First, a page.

Saturday, March 24, 2007

Making it Easy to Leave

I just called Bank of America about a credit card I have with them regarding a question on my account. It was, of course, an adventure in a nest of voice menus... but here's what was kind of interesting.

I went through all of them, being one of the good sheeple they anticipate. I was many menus in before I was actually offered the option of talking to a person. No surprise.

But by the time I got there, I'd been offered the option of closing my account three times. And the recording while I was waiting for a person (before I just gave up) informed me that I could press 4 to cancel my account several more times.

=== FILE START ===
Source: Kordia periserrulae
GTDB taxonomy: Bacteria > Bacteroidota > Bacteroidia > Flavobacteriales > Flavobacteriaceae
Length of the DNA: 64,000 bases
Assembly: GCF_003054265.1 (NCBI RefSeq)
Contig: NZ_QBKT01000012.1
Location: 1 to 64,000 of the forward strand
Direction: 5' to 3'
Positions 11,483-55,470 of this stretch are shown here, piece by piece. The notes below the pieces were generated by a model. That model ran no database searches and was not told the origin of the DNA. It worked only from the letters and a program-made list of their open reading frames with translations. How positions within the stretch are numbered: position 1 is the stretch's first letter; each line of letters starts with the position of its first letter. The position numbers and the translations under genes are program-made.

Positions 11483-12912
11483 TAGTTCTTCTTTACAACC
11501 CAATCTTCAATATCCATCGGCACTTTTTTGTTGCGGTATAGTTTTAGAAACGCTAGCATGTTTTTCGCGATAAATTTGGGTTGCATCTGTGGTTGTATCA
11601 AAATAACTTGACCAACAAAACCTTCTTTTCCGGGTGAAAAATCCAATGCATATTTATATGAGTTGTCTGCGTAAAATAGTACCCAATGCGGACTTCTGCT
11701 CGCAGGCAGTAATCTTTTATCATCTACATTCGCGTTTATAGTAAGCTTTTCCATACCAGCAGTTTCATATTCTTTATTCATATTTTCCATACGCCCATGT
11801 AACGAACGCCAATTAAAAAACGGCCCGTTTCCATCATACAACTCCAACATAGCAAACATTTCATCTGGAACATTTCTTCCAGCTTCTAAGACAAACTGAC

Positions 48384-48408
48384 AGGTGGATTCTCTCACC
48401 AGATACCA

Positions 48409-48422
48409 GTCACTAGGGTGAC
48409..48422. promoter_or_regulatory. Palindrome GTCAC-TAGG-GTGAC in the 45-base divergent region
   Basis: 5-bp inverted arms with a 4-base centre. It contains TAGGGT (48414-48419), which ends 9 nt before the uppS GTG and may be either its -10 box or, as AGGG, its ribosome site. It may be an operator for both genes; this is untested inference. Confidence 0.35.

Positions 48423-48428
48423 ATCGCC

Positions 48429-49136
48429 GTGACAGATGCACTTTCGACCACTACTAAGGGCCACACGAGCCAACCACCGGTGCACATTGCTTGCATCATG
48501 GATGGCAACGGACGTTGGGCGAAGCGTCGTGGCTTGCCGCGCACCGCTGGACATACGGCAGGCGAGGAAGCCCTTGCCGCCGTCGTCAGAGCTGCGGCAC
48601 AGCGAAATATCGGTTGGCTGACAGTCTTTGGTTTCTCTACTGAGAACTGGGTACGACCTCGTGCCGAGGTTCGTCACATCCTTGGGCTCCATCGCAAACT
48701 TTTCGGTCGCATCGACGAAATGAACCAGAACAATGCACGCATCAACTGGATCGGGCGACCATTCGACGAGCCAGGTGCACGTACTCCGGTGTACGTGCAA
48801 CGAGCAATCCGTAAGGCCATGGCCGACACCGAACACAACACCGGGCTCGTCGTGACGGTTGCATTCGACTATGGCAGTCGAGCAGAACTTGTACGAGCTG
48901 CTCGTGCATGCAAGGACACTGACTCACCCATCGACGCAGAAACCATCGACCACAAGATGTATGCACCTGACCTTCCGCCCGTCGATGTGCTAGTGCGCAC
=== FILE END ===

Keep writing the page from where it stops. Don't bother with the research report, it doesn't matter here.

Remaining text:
Why would you design a customer service system to encourage people to stop being a customer that way? Why would you make it easier to leave than to get help?

By the time I gave up and hung up because the wait was so long, I was thinking that maybe Bank of America had a good idea with that...

1 comment:

maureen.rogers said...

Just wanted to share my recent go-round with GoDaddy. I had some URLs up for automated renewal with them, and, because I didn't check my old e-mail address, missed the final notice about auto-renewal.

I'd snapped up the URLs last year while on a client call. (I was the only one online during the meeting.) At the time, it seemed like a good idea, but they rapidly decided they weren't interested.

There customer service was pretty good about letting me know how to get out of the auto renewal, but when you go in and hit what you thnk is the final Cancel button, another set of choices pops up, and the radio button that's "lit" is Don't Cancel. Grrrrrr.